Americans eat too damn much. And we all pay a rising cost for this gluttony in the form of higher insurance premiums and lost productivity.
A study last year by the Society of Actuaries calculated the total economic cost of an overweight and obese population in the United States and Canada at about $300 billion a year (with 90% of that figure attributable to America’s dietary issues).
Now comes word from the American Journal of Preventive Medicine that, if current trends continue, about 42% of the U.S. population will be obese by 2030.
In other words, an additional 30 million Americans will count themselves among the way-fat within 18 years, and about 11% of the population will be severely obese — that is, at least 100 pounds overweight.
These levels of pudginess will translate to nearly $550 billion in annual medical expenses, researchers estimate.
And as if all this wasn’t grim enough, the above numbers don’t even factor in kids. As it stands, about a third of U.S. kids are either overweight or obese, according to the Centers for Disease Control and Prevention.
Something has to be done.
I know, I know: People should be able to eat whatever they want, and government officials have no business passing nanny-state rules that meddle in basic notions of life, liberty and the pursuit of happiness, blah, blah, blah.
If only it were that simple. The harsh reality is that millions of Americans can’t be trusted to look after their own well-being, and the rest of society gets stuck with the tab for soaring rates of diabetes, heart disease, strokes, cancer and other serious ailments.
HBO is serving up a four-part documentary this week on the obesity crisis. “The Weight of the Nation” explores why we’re so addicted to food and what can be done to slim the nation’s waistband before we eat ourselves to death.
Dr. Tony Iton, senior vice president of the health-focused California Endowment, appears in the documentary. He told me that government policies have created an “obesogenic society” by encouraging use of cars to commute to and from suburbs, and not putting enough resources into public transportation and recreation.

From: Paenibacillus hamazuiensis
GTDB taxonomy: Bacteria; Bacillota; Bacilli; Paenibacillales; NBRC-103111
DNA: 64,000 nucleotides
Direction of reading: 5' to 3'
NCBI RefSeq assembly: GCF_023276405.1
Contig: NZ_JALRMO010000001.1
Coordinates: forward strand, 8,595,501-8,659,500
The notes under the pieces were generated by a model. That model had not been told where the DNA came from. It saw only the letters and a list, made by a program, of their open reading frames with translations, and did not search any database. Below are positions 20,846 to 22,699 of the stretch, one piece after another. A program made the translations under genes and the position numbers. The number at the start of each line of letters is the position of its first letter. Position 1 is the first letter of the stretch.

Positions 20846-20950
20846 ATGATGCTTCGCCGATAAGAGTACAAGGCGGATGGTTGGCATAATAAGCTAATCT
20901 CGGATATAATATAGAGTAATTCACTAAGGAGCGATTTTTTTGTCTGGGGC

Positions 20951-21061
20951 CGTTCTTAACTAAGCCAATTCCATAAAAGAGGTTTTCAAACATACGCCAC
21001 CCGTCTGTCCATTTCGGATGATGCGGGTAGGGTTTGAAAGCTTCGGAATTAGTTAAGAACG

“We already have a nanny state, but it’s moving society in the wrong direction,” Iton said. “We are in the business of encouraging obesity with our public policies. We should get out of that business.”
Along those lines, the Institute of Medicine issued a report last week saying that for the U.S. to reverse current obesity trends, it needs to overhaul everything from farm policies to zoning laws.
Clearly, doing nothing isn’t an option. At the risk of being criticized (and I know I will be) for advocating draconian measures, I think it’s time that food and drink received the same level of regulatory oversight as tobacco and alcohol.
We need to acknowledge that much of what we put in our mouths is very bad for us and accept new rules intended to foster healthful behavior and discourage the endless noshing that’s turning us into a herd of porkers.
First, we should limit the marketing of fast food and junk food to kids. Young people are just not in a position to make wise choices when it comes to sweets and treats. It’s foolish to believe otherwise.
Just as parents were outraged by the idea of a Joe Camel trying to make cigarettes look cool to youngsters, they should be equally upset with all manner of colorful characters hawking everything from sugary breakfast cereals to corn-syrup-sweetened sodas.
How about a cigarette-style tax on such foods and beverages, with the proceeds going toward obesity research and wellness programs?
How about higher insurance rates for the overweight, just as smokers typically pay more for health coverage?
Meanwhile, there needs to be more attention paid to giving people healthful choices. This means incentives to encourage supermarkets and produce stores to open in lower-income neighborhoods, and perhaps subsidies to lower the price of organic fruits and vegetables.
“The No. 1 way to manage obesity is to prevent it,” said Dr. Kerri Boutelle, an obesity expert at UC San Diego. “Once kids and adults gain weight, it’s very hard to lose it.”
She pointed out the large servings at many restaurants — often containing two or three times the number of calories recommended for a healthful lifestyle. “It’s easy to get 1,500 calories at a single meal,” Boutelle said.
How about official limits on portions?
“That’s a little Big Brotherish,” Boutelle replied, observing that food isn’t exactly like tobacco. “You can stop smoking,” she said. “You can’t stop eating.”
True. But restaurants and stores don’t need to be enablers, making it easy and tempting for people to overindulge.
Leaving us to our own devices isn’t working — all available evidence makes that plain. We eat too much, and we frequently make bad food choices.
The idea that almost half of American adults will be obese in coming years should be a wake-up call for everyone. And it should spur all of us to lead healthier lives.
But it won’t. Because Americans don’t like being told what to do, even when their behavior is killing them.
That’s why we need to do more.